Fear of Small Numbers


By Soibam Haripriya

The past few weeks have seen sporadic racial violence in the national capital. A lot of people from the “Northeast”, especially in the academics and civil society sector, have also been asked to put their perspectives on the “issue”.  So finally after a long time racism seems to be in the radar which is good news. But one need not rejoice much as one still needs to think through what kind of racism is on the radar. The incident against the Ugandan women led by the then law Minister of a party which calls itself the Aam Aadmi Party is not discussed still to the extent as the racism against the “northeast” is. The incident also points to the collusion of the state, its representatives and its machinery in racist attacks, similar to its endorsement of communal, caste and gender based violence. There is still a huge discomfort to admitting that we are a racist society and “race” based crimes get endorsed on the excuse of saving the “north Indian” society from the cultural affront that women and men of certain “ra
ce” or nationality presents. Our selective anger and mobilisation on the lines of nationality is deeply problematic and reveals the lack of an intention to engage with racism head on. The attempt now should be to connect these different incidences as stemming from the same way of looking at people who are “different”.  

Discourse on race teaches us that race is essentially a false category made socially real by our belief in it. Racism is propelled by the placing certain values on physical difference, values that mostly create hierarchy and fear. The idea of “race” which lies at the heart of racism has been long dismantled by works both in disciplines of sciences and social sciences, yet this false category remains a historical and lived reality. What people perceive of as characteristics of a certain “race”/ “people”/ “community” are not real yet lazy stereotypes abound in thoughts and consequently in words that we use as a part of our everyday. The stereotypes also seem to create an unnatural and absurd fear –the fear of small numbers (“Fear of Small Numbers” is the title of a book by Arjun Appadurai). The fear of small numbers is perhaps an almost pathological disorder when you start seeing the minority everywhere, when you fear being overrun by them. For the “mainstream” we seem to be just that –the racial other, a small number to be feared, who make insidious insinuation against the national army or perhaps the idea of the nation itself.

While Indians are quick to call the legitimate legal action against an Indian bureaucrat, an act of racism, in cases of targeted violence against people of certain communities the country still refrains from calling such acts as racism. It was surprising therefore to see some contemporary observers use the term “reverse racism”. While the acts of violence in certain areas such as Manipur and Assam against the working class is a reality and has to be equally condemned, commented upon and resisted, one act does not justify the other. The truth of the matter is that the people who act out their racial prejudices in violent attacks are the same people who do not care about the labouring or exploited class and further participate in the process of exploitation of the same class in their own cities and neighbourhoods.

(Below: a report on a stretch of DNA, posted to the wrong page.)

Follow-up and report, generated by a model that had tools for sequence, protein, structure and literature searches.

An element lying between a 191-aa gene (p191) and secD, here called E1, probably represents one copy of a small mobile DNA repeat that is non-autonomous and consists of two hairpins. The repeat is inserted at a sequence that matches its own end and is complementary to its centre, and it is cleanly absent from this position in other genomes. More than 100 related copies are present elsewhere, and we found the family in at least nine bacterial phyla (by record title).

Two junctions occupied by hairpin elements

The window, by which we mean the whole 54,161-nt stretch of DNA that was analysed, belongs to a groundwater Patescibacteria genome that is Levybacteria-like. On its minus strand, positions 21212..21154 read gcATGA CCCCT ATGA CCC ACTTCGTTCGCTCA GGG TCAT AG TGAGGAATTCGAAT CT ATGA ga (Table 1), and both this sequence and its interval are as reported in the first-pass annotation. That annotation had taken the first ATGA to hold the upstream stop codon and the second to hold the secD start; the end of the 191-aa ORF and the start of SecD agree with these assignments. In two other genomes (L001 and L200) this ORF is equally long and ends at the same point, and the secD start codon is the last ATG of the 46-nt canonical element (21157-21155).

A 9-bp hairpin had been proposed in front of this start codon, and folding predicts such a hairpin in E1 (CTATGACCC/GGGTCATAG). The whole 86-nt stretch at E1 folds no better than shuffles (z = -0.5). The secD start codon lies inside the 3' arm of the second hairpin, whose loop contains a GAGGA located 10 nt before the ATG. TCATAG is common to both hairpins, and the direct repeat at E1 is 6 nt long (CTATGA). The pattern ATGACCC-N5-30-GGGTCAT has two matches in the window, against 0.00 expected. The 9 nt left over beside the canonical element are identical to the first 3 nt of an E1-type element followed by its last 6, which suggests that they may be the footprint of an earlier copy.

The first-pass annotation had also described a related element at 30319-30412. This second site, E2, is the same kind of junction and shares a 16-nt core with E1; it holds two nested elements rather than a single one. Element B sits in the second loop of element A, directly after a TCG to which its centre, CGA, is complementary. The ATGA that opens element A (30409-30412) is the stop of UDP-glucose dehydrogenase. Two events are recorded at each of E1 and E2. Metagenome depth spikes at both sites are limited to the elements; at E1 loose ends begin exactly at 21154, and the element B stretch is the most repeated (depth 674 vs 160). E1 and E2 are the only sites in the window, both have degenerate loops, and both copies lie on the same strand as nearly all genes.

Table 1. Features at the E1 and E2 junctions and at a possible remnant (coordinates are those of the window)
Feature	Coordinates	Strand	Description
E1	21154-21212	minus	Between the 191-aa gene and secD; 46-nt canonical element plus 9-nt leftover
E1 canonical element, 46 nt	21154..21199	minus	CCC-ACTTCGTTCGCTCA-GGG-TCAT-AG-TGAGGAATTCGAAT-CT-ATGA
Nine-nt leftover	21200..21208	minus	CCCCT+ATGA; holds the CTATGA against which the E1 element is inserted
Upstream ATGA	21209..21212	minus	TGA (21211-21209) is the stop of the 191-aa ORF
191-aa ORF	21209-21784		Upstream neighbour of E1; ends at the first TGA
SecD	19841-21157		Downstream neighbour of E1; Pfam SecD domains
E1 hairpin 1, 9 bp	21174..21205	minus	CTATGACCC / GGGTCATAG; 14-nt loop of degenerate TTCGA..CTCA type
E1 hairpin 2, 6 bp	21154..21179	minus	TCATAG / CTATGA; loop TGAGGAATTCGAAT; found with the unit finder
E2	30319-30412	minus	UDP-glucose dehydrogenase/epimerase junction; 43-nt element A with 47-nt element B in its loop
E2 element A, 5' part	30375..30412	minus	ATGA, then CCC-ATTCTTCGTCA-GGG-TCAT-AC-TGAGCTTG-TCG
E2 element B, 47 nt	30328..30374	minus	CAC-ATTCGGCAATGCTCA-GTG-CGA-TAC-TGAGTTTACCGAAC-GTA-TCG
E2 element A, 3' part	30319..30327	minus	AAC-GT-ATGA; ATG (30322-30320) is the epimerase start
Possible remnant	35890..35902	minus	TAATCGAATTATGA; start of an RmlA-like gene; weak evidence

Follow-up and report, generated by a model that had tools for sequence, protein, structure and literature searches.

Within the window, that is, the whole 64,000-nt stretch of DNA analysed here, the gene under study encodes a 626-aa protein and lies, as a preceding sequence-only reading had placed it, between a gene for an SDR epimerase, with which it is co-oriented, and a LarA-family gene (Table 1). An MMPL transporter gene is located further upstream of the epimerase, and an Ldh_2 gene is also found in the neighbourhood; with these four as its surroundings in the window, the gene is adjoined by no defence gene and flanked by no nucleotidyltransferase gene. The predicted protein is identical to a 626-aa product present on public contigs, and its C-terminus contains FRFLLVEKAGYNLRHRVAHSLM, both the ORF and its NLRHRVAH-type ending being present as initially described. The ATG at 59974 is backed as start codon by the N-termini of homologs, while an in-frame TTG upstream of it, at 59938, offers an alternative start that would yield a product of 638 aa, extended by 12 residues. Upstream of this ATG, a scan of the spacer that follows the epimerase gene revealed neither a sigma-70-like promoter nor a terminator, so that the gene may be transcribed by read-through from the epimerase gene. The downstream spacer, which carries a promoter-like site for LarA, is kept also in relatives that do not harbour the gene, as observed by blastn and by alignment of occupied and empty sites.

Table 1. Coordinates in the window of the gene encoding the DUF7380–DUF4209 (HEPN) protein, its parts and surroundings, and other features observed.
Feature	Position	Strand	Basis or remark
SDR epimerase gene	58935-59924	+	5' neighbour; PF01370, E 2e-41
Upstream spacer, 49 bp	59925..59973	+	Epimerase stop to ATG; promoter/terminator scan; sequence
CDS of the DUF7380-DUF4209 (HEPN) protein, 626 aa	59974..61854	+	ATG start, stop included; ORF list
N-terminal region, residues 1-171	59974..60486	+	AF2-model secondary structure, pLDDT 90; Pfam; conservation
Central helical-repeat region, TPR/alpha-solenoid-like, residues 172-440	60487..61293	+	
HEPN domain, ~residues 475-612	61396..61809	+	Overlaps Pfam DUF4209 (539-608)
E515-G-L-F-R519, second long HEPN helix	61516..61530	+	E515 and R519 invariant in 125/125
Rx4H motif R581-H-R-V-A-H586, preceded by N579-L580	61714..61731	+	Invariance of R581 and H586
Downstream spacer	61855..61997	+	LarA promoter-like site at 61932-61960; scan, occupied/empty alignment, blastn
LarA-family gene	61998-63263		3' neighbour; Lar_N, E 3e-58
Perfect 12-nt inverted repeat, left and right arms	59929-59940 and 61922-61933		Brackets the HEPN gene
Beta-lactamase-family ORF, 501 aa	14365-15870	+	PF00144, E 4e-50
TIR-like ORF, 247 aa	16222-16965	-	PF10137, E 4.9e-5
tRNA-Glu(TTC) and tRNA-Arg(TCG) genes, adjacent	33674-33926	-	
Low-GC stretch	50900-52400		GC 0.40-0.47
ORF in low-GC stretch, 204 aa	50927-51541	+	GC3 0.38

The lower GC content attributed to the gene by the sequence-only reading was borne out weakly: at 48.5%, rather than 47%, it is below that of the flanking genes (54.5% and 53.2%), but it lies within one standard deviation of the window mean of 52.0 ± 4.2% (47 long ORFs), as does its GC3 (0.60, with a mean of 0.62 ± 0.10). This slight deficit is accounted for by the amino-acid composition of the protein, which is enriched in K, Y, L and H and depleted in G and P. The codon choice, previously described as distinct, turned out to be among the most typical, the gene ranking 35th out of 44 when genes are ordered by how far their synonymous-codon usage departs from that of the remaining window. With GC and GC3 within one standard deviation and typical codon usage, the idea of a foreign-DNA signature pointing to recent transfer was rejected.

Most of us, especially women but men too living here for quite some time have learnt to brush aside  our everyday experience of racism; this brushing aside is the dangerous part. This should not be thought of as an acclimatisation process –something that comes with living in a city, or even as some people have written about –that one has to be glad that one is verbally harassed other than physically or sexually assaulted –should not be a requisite of staying in a city or anywhere else for that manner and certainly not for the capital of a country that claims to be based on ideas of equality and democracy. There is no logic to why women should be expected to feel fortunate that one is meted out with one type of harassment in lieu of another. Similarly it is improbable to ask men to be glad that they are called habshi/ chinky in lieu of getting killed. This is analogous to how we make verbal harassment of women sound innocuous by calling it “eve teasing” and by accepting such behaviour as part of a culture ignoring the fact that at the other end of the spectrum lies physical violence and rape. Still many are of the opinion that the so called “milder” forms of harassment are to be tolerated. The statement “learning to handle” racial slurs is akin to “learning to handle being killed”; if the latter is absurd, so is the former.

Misogynist strain of thought exists everywhere; it is not inherent but a product of socialisation. Women become the ultimate “other”. Women are the ones who are objectified, looked at with a certain lens. A woman faces verbal and physical assault every day and as a woman of a particular community looked at through a certain way; as a woman of one particular community one also become the object through which men of the same community retrieve their emasculated masculinity.  Equally unpleasant is the patronising exoticisation that we see in the present racism discussions –either the “northeasterners” are tribal, uncivilized or belong to some pristine pure insulated world, saying there are two ways of looking at us, the other–if not the uncivilized, immoral other then we are the pure unadulterated, culturally exotic other. And this is an idea which goes both ways. The danger of the latter is as immense as that of the former –common to both is that we are always the other. We are neither the forever victim nor the exotic other; we are as similar or as different as anyone else. We are not a collective without individual thought, trait or agency.


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